In French class in high school I heard about a popular Paris newspaper called Le Canard Enchainé, the Enchained Duck, a name that's hard to forget. It turns out that Le Canard turned a hundred in 2016, having been started in 1916 during the worst year of the First World War. National Public Radio's Eleanor Beardsley had a remarkably interesting report on it yesterday, the text version of which you can read here. (See also the Wikipedia entry.)
Le Canard is basically the French print equivalent of HBO's The Daily Show with John Oliver: investigative journalism delivered with sarcasm and comedy. The most remarkable thing is that it's a weekly paper with no advertising, a staff of 30 reporters (plus free-lancers), a weekly circulation in the neighborhood of a half-million copies and a profit in 2015 of about three million dollars. Profits go into a fund to protect the paper from a future financial downturn, so that it won't fall into the hands of a media corporation or wealthy owner; the assets total over 100 million euros.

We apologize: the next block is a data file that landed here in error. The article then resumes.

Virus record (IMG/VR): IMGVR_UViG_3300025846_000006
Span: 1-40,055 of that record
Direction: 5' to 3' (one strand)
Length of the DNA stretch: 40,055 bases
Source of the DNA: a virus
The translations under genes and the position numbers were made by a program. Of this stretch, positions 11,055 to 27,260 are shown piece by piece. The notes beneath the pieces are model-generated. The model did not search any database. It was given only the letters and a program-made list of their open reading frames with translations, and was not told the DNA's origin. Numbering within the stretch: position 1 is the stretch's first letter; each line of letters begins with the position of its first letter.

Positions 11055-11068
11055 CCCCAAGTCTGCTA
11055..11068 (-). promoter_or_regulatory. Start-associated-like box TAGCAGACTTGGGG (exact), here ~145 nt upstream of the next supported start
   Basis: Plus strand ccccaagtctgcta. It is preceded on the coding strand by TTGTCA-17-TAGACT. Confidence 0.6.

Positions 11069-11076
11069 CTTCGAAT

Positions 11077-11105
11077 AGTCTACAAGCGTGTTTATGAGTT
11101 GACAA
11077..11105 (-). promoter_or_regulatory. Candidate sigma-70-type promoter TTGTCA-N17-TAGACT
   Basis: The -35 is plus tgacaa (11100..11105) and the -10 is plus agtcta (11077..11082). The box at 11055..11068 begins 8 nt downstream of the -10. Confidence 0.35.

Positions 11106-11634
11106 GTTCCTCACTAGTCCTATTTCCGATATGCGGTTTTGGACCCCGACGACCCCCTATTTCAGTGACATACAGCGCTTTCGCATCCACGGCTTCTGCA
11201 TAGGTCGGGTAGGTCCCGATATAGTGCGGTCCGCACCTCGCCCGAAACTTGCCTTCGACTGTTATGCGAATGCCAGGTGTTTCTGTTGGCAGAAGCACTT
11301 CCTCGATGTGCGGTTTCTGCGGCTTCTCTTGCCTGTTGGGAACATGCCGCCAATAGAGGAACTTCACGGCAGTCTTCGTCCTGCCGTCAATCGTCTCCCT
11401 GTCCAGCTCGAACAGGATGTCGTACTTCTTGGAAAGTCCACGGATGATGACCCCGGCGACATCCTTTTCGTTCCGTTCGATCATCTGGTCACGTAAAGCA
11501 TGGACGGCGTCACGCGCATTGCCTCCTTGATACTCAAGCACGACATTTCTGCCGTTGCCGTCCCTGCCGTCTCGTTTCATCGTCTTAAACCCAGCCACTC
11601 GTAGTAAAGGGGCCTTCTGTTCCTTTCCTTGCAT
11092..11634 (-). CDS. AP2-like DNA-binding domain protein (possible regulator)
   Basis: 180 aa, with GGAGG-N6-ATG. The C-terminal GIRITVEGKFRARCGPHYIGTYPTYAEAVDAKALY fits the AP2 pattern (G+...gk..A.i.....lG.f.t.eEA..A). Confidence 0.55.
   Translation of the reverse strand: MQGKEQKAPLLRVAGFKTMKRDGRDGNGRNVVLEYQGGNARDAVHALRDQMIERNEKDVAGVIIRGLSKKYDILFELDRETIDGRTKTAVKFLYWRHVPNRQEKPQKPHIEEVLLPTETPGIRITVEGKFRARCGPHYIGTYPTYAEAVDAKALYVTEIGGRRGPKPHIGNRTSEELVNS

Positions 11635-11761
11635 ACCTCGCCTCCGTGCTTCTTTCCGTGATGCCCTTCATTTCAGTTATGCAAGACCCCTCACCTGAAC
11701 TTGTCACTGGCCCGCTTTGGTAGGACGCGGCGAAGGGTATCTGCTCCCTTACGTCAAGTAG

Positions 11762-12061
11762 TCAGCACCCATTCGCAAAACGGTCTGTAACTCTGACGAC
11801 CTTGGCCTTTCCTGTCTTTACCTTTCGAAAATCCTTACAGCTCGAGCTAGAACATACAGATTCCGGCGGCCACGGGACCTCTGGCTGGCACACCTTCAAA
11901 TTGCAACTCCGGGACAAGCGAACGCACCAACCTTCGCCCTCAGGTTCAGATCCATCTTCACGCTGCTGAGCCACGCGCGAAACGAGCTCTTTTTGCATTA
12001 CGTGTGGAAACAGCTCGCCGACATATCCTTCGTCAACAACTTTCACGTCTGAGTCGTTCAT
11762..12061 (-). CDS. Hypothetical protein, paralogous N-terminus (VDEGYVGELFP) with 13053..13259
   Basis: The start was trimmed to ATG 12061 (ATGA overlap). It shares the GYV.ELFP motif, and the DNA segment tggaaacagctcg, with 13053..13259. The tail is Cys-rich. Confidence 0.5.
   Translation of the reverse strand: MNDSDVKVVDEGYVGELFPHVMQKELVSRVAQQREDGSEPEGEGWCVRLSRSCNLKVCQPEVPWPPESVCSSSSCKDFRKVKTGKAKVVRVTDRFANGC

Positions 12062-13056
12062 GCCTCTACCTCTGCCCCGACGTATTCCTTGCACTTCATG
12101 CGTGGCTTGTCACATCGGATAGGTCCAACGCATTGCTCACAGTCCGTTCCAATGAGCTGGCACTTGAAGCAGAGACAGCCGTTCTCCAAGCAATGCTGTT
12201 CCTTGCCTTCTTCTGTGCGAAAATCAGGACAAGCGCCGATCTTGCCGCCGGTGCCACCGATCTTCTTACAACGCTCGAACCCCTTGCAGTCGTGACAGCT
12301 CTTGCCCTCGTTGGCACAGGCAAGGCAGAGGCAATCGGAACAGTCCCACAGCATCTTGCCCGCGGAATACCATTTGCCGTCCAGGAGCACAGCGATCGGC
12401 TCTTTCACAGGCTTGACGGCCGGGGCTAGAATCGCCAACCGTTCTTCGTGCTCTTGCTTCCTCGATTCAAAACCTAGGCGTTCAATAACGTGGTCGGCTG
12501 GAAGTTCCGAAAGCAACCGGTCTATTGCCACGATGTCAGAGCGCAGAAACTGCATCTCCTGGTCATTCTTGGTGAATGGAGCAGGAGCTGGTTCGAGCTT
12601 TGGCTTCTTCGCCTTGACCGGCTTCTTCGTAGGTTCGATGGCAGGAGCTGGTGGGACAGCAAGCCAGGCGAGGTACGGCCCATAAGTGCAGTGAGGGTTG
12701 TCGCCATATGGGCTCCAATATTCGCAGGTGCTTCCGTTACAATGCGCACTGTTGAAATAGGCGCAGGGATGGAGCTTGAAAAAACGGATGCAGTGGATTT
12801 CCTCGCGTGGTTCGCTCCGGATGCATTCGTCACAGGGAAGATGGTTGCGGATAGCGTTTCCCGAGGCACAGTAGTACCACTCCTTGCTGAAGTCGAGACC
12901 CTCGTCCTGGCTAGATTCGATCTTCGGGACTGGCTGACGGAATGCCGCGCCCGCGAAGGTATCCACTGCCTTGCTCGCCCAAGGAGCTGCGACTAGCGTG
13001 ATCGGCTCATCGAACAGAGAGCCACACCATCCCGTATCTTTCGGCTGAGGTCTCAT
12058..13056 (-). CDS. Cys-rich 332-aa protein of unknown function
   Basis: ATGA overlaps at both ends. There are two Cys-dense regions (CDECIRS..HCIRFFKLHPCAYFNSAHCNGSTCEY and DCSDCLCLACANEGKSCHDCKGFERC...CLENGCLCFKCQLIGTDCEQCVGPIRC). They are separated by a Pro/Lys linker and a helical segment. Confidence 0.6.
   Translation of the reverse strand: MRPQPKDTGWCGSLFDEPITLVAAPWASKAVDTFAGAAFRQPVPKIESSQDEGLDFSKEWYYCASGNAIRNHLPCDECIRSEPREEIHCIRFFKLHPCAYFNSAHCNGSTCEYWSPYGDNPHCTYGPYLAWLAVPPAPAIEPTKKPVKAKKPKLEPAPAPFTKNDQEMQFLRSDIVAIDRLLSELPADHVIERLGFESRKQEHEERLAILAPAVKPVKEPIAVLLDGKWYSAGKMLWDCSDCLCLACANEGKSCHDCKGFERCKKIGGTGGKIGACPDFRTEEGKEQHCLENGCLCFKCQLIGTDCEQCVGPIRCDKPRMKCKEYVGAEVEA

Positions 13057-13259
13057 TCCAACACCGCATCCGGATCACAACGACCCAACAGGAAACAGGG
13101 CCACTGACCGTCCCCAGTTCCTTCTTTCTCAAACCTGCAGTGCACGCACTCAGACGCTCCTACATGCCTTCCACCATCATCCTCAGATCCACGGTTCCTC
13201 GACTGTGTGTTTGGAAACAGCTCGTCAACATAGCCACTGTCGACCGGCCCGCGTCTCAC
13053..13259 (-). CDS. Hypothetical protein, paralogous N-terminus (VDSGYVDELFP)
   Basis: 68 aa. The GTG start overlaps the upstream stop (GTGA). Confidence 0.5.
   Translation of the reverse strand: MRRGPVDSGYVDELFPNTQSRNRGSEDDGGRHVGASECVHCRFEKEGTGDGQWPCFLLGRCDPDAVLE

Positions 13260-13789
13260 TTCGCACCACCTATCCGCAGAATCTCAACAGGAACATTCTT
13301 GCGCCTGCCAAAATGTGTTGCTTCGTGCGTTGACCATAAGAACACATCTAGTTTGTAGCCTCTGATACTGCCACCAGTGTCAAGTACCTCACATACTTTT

American newspaper people must weep bitter tears when they read of this, given the serious problems faced by newspapers here. (For more about that, see this recent post.)
The NPR report errs slightly is saying the paper lacks a website. It does have one, but only a minimal to provide information about the paper: http://www.lecanardenchaine.fr (for an automated translation into English, see this link). It avoids putting much on line because it's financially dependent on selling the print edition.
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